Apparently, the committee who selects the Pulitzer Prize for fiction is easily impressed with narrative tricks. The story moves forward and backward in time and switches voices and characters repeatedly. That's all good and well, but it leaves the reader wanting something. The story seems to revolve around two central characters whose stories are told not just through their perspectives, but the perspectives of those that surround them as well. Often, these connections gets stretched too thin: character development remains somewhat superficial. It comes off more as a collection of short stories than a novel.
The narrator for this title spoke a little too slowly for my taste. I had to stop listening after an hour or so because I was driving and thought I was going to nod off. I don't think her voice is the right pitch for me. I think she did a good job of differentiating voices, but that still seemed somewhat generic to me.
Depends on whether the friend would be interested in its particular subject matter
the narrator's voice probably ruined this book for me. It was monotone and it was hard to tell when different characters were speaking
wonder about the pulitzer requisites
I think the writing is exceptional, and I think the narration on this audiobook did detract from its story. Overall though I am not sure why the book was so praised, it offered a dance of tangled characters whose connection wasn't always clear till too late in the particular story. Suspense was done well throughout.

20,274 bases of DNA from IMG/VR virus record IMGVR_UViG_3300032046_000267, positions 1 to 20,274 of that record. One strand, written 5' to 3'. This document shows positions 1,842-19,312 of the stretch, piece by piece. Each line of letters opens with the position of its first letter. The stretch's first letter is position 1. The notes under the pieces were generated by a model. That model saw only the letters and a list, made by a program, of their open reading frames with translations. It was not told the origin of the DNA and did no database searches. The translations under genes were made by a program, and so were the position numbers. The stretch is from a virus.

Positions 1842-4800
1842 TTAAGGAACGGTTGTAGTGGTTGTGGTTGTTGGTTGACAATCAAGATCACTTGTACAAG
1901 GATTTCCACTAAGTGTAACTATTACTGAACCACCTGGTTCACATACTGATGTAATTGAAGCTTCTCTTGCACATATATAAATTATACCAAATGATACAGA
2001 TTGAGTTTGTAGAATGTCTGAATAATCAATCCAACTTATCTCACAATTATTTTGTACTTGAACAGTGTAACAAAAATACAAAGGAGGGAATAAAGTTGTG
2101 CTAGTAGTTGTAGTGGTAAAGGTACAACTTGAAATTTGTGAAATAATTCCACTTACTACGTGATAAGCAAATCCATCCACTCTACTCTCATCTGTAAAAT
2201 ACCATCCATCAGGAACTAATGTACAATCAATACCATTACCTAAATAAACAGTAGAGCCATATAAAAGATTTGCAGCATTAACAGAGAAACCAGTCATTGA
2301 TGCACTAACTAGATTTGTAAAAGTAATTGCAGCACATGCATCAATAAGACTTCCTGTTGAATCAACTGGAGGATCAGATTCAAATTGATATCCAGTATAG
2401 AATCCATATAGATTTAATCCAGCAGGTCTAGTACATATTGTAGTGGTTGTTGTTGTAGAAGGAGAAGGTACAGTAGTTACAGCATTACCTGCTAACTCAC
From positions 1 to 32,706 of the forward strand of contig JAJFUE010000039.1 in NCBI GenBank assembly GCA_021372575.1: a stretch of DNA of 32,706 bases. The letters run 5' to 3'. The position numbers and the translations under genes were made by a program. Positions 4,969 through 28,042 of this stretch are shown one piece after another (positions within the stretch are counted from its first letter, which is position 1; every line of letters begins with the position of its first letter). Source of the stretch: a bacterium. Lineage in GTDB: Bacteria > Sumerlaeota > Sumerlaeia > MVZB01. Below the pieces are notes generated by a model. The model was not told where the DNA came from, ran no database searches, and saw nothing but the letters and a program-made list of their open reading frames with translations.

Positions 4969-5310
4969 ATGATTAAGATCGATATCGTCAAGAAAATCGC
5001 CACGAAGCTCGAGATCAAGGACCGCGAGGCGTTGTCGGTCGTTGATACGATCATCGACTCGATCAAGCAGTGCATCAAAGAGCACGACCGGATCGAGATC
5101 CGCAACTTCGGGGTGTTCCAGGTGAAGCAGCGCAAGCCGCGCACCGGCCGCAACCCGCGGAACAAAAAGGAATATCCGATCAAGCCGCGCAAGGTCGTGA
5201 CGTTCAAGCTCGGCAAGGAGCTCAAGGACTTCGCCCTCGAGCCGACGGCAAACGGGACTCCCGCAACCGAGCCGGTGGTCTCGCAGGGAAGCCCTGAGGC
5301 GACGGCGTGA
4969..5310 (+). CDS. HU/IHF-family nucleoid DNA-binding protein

I read the print version in addition to listening to the audio book. I liked reading the book much better than listening to it. I think the narration was really good, but the story does not translate that well to the audio in my opinion. If I had to do it over, I would not have chosen the audio version to listen to. This book is not really a traditional narrative at all. The style is not so plot-centric. Some of the chapters were really very good to listen to, while others were difficult because of stylistic choices, such as a chapter with many footnotes and a chapter written entirely in Power Point. If I had not read the book previously, I am sure these would have been confusing. Further, there are a lot of characters that fade in and out, and I think they were far easier to keep straight in print. I loved this book. It definitely deserved all of the accolades it won. I would just recommend it in print, as opposed to the audio version.
I try not to read too much about the books that I purchase because I enjoy learning about them as I go... So when The Good Squad ended up being a collection of short stories, I was pleasantly surprised!
I usually like to actually read short stories instead of listen to them - so had I known the book was short stories - I normally wouldn't have purchased it to listen. But I'm really glad I didn't know and that I did get a chance to listen to this interesting group of characters.
The book was a lot of fun to listen to and Jennifer Egan finds a way to connect all of the characters involved - so you get to see them in different chapters and at different time periods of their lives and interacting with the other characters - which was very interesting!